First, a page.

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'Enhancing' light

  1. Oct 8, 2008 #1
    I read the following article with interest:
    http://arxiv.org/ftp/arxiv/papers/0810/0810.0592.pdf" [Broken]
    What is not apparent (to a layman such as myself) is the application for such an antenna. I was quite excited to think that if light can be gleaned by an antenna, and indeed be 'magnified' by virtue of using a Yagi-Uda type with several dB gain, then surely there is likely to be a potential energy saving application? I can imagine a sheet of metal film etched with thousands or millions of antennae and 'feeding' a solar panel or suchlike. Is this just pie in the sky?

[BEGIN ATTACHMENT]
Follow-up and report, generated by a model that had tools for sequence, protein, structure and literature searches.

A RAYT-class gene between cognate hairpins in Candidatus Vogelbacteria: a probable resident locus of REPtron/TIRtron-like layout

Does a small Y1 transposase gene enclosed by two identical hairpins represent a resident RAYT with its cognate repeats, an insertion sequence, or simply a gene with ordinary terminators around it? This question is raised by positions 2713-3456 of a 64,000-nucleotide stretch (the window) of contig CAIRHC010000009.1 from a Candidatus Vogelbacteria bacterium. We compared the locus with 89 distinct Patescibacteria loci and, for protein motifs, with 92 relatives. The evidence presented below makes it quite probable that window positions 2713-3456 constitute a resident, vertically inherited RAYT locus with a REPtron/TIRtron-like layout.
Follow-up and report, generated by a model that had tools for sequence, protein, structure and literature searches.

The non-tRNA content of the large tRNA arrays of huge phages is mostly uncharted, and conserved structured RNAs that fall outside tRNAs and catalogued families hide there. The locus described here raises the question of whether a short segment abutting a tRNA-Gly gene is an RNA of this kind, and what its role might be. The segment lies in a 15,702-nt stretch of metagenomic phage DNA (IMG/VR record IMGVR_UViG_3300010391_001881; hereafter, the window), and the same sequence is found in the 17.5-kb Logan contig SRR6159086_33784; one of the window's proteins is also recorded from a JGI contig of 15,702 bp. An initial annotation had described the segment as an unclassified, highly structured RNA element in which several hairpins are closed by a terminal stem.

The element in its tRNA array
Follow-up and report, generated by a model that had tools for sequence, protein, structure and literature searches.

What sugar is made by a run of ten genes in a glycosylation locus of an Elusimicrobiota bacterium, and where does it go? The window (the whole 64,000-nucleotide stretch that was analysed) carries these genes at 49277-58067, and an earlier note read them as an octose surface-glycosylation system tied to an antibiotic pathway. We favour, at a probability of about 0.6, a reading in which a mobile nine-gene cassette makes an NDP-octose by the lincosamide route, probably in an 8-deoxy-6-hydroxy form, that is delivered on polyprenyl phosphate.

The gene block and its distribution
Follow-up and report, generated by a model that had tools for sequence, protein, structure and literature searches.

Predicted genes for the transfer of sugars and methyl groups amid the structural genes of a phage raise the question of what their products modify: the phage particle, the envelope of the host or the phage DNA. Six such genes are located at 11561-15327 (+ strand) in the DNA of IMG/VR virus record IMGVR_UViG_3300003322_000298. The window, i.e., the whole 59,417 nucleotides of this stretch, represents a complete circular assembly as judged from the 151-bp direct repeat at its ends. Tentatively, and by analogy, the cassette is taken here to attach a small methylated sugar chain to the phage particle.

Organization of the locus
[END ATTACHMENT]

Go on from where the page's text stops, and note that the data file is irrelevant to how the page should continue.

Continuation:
Last edited by a moderator: May 3, 2017
  2. jcsd
  3. Oct 9, 2008 #2

    Andy Resnick

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    I quickly scanned the article- it appears to be related to near-field applications. The important concept to keep in mind is that the main result (here) is simply the ability to detect subwavelength holes in a screen.

    I'm not sure why they refer to a cavity as an antenna- I suppose they have a lot of the same characteristics (resonant behavior, for example), but this is all near-field stuff, there's no propagating modes being emitted. Any detector would have to be placed in the near-field region to pick up the transmitted radiation.
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